A tale of nature, wildlife and birding from Cheshire, North Wales and across the globe....

A tale of nature, wildlife and birding from Cheshire, North Wales and across the globe....

Monday, 23 February 2015

Little Bunting gives great views in Cardiff

With a showy Little Bunting having been present for the last 2 weeks down in Cardiff, we finally got the chance to pay a visit and admire it last weekend after a busy couple of weeks – thankfully it has stuck around and seems to be overwintering. Driving down on the Friday night, me and Alex were up bright and early the next morning and made the quick ten minute journey from our hotel to Forest Farm NR. We soon located the hide next to the warden’s complex, just a short 2 minute walk up the road from the car park, where the bird had been favouring throughout its stay.

Upon arrival there was no sign of our target, but it was just a matter of waiting as the bird has been giving views down to 2 metres each day for the entirety of its stay. 2 Reed Buntings fluttered in, perching on the fencing and piles of brushwood before hopping down to drink and forage by the large puddle right in front of the hide.

A beautiful male Bullfinch fed on the adjacent feeders whilst a Nuthatch – one of my favourite woodland birds – flitted back and too storing seeds.

Before long, a shout went up that the Little Bunting had flown in and was sat on the fence, but raising my bins it immediately dashed back in to the nearby hedge cover, offering just brief flight views of its back end.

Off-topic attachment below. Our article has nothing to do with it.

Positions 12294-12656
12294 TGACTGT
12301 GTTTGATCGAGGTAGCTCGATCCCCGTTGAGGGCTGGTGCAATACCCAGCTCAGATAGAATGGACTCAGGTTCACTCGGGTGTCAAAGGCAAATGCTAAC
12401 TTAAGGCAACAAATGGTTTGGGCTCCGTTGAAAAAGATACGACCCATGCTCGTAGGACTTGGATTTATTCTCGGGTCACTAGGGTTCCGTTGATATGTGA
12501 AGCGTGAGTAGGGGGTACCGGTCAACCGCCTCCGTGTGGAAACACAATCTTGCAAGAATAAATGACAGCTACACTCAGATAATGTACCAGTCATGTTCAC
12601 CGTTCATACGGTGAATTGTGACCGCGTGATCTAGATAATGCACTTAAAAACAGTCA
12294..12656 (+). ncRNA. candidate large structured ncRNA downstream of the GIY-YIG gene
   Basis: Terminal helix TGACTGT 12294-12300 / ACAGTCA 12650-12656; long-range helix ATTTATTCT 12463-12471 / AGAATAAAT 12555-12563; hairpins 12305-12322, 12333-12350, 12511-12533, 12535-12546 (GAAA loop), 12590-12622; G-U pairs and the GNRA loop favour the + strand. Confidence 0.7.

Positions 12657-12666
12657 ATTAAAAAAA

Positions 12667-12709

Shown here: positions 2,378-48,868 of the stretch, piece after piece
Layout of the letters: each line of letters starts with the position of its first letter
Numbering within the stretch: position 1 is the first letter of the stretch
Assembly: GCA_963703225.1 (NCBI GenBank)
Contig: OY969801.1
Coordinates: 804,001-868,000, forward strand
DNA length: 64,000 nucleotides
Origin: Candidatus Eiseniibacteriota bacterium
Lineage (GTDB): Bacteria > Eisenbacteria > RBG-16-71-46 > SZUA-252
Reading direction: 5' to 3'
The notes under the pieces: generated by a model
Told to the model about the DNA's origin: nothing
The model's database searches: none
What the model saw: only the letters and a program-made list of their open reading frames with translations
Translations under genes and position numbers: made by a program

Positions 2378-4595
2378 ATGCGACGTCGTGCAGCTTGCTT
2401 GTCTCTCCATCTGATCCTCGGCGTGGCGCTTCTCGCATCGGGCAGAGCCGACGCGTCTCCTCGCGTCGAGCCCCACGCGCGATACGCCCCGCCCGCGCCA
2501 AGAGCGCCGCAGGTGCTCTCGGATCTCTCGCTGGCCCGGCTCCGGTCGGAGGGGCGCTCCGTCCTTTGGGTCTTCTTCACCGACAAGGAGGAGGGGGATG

After a quick search in the nearby holly tree and hedge lining the field, I spotted the bird flying back in to land on one of the piles of twigs, and immediately got Alex on to our target. Success. After scurrying around deep inside the cover of the branches, the bird teased us by remaining obscured, before slowly creeping out through the fence and in to the open right in front of us, providing absolutely fantastic views. 

Little Bunting


Little Bunting

Little Bunting

Feeding on the discarded seed next to the fence line, we watched the bunting for a good ten minutes, the bird happily providing some great photo opportunities as it foraged in front of us. Eventually it crept back in to the brushwood pile before disappearing off in to the hedge once more.

Little Bunting

Little Bunting

With plenty of records of Little Bunting in Britain, there are usually a scattering of individuals each autumn that make it over to the UK from their usual haunts of Russia and the East. Several have displayed the tendency to overwinter in recent years like this bird has, with 3 actually known to be wintering at present this year, the other sites being Ashdown Forest in Sussex and Gulval in Cornwall.

Very similar to a Reed Bunting, the subtle differences can be quite obvious once you get your eye in, in particular the slightly smaller size and much finer and neater streaking on the breast as opposed to the thicker, bolder streaks on a Reed Bunting. The thin, pale wingbar is also another feature to look out for, as is the small pale dot on the facial markings behind the eye – both characteristic of Little Bunting in comparison to a Reed. I also registered neater and more defined facial patterns on the Little Bunting, with a slight grey shawl around the neck.

Little Bunting

These were absolutely brilliant views and we really couldn’t have asked for more – the bird putting in an excellent show. A great opportunity to see the bird at such close quarters instead of being half hidden in a hedge, and an excellent chance to really take note of the features and to get my eye-in in case I ever come across one in the field.

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